This article aims to contribute to an understanding of the linkage between biodiversity conservation and tourism. A case study of a village-based tourism venture in a remote location on Vanua Levu, the second largest island in Fiji, demonstrates this potential linkage in a typical coastal village. Tourism could contribute to biodiversity conservation and maintenance of cultural identity by reinforcing stories about local histories and promoting respect for traditional culture and use of natural resources. Small-scale tourism ventures are not uncommon in many coastal areas in Fiji. Tourism venture maintained at a stage where the number of tourists is low and tourists-villagers interaction is high may be more appropriate in island tourism where the preservation of cultural tradition is vital in the sustainable use and conservation of biodiversity. A site-specific framework, depicting the integration of biodiversity components with tourism management, was developed to examine the interrelationships of biodiversity conservation and tourism. This research is not an ethnographic study. However, one of the major findings of this study was identifying the persistence of a traditional value system--the vanua system, which refers to the connection of people with the land through their ancestors and guardian spirits. This cultural belief of nurturing the people-land relationship is manifested in the daily life of the villagers. This could serve as a powerful mechanism promoting the linkage between biodiversity conservation and tourism management. Despite the dilution of the meaning of vanua in modern Fiji, it could be revitalized to regulate the consumptive and tourism uses of local biodiversity. The philosophy of the vanua has served as the guiding principle for the villagers in the management and sustainable use of the rain forest, mangrove forest, coral reef, and village garden. The same traditional concept can be a basis for biodiversity conservation beyond the realm of contemporary protected area system. The ecological systems upon which the villagers depend for subsistence are the very same resources that support tourism. Understanding the linkage between biodiversity and tourism could provide the basis for the promotion of biodiversity conservation and ecotourism.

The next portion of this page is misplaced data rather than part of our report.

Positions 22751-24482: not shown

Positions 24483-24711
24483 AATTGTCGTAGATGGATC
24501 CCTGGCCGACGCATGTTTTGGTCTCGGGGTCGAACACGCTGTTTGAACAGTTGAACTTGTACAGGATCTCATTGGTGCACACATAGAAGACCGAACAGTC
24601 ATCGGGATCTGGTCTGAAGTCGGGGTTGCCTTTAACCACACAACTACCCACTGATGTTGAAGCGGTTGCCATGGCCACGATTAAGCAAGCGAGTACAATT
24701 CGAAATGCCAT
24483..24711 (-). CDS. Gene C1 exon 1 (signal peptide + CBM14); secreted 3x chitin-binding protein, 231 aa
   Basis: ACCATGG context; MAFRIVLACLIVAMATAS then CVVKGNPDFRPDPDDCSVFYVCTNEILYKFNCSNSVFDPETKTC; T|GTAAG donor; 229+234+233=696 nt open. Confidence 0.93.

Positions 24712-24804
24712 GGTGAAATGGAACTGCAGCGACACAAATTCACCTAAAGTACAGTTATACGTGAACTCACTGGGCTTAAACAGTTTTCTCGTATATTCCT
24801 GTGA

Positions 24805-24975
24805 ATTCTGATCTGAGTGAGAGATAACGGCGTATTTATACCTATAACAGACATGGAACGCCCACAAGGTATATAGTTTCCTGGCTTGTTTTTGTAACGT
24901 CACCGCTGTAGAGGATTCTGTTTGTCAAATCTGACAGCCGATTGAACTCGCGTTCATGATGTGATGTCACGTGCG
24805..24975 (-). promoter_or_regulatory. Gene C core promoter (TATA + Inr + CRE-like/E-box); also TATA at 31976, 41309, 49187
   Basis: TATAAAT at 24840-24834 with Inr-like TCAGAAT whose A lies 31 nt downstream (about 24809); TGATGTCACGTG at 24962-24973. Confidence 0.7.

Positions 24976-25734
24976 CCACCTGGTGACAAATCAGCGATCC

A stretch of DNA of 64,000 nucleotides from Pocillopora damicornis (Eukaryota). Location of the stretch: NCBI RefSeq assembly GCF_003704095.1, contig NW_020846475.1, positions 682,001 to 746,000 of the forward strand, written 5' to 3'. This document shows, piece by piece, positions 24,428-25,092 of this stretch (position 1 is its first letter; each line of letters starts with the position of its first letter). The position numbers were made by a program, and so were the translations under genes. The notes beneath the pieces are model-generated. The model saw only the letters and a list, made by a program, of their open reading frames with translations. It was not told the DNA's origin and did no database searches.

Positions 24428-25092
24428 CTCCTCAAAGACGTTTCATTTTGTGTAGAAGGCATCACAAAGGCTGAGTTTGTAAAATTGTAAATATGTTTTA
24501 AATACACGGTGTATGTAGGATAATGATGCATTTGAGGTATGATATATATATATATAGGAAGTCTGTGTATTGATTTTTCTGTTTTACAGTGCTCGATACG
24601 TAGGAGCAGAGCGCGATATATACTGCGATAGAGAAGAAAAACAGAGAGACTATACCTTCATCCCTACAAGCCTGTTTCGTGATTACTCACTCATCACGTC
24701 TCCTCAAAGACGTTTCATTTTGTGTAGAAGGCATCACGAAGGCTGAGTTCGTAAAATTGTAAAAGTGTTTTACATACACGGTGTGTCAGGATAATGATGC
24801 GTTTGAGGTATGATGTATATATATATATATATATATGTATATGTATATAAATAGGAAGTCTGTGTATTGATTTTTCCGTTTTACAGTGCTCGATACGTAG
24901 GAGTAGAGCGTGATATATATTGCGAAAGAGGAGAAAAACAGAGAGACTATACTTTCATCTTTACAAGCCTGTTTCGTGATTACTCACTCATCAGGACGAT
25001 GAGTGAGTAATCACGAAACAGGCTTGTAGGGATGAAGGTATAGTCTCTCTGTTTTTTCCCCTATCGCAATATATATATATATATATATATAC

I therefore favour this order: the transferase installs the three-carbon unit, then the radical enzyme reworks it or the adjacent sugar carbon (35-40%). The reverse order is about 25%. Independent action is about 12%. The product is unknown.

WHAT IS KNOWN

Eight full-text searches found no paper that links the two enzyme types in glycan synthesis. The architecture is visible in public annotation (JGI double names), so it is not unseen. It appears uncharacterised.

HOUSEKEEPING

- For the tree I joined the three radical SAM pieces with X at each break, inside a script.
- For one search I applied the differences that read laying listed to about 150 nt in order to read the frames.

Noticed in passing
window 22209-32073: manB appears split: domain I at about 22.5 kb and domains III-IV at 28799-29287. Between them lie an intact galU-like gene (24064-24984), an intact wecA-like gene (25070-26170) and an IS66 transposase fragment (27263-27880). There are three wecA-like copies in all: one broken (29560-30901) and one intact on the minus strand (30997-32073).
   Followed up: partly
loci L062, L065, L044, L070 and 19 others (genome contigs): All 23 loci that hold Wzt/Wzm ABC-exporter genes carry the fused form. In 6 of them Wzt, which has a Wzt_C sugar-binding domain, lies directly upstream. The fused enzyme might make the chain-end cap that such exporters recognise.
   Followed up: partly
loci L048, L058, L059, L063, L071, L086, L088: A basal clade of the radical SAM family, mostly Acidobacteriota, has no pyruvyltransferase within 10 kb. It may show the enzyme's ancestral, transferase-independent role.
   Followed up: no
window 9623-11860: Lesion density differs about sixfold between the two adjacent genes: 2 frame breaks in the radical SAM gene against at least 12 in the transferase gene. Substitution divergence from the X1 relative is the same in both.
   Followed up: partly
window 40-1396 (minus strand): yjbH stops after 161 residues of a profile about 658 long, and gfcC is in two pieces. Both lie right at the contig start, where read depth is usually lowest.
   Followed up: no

Key words: Biodiversity; Vanua; Island tourism; Fiji
Address correspondence to Dr. Corazon C. Sinha, School of Environment and Agriculture, University of Western Sydney, Hawkesbury Campus, Locked Bag 1797, Penrith South DC, New South Wales 1797, Australia. Tel: 61 02 4570 1240; Fax: 61 02 4570 1207; E-mail: firstname.lastname@example.org
Dirk H. R. Spennemann,1 David W. Look,2 and Kristy Graham3
1Cultural Heritage Studies, The Johnstone Centre and School
of Environmental and Information Sciences, Charles Sturt University, PO
Box 789, Albury NSW 2640, Australia
2Cultural Resources Team, Pacific Great Basin Support Office, Suite 600, 600 Harrison Street, National Park Service, San Francisco, CA 94107-1372
3School of Environmental and Information Sciences, Charles Sturt University, PO Box 789, Albury NSW 2640, Australia
Key Micronesian decision makers were polled to ascertain their knowledge and expectations of heritage ecotourism in the region. While the concept was embraced by the majority, levels of expectations and understanding of impacts varied. Priority rankings of perceived opportunities showed archaeological sites and natural environment to dominate, with colonial heritage places deemed comparatively insignificant.
Key words: Ecotourism; Heritage tourism; Micronesia; Economic development
Address correspondence to Dirk H. R. Spennemann, Ph.D., Associate Professor in Cultural Heritage Studies, The Johnstone Centre and School of Environmental and Information Sciences, Charles Sturt Unversity, PO Box 789, Albury NSW 2640, Australia. Tel: 61 2 6051-9947; Fax: 61 2 6051-9897; E-mail: email@example.com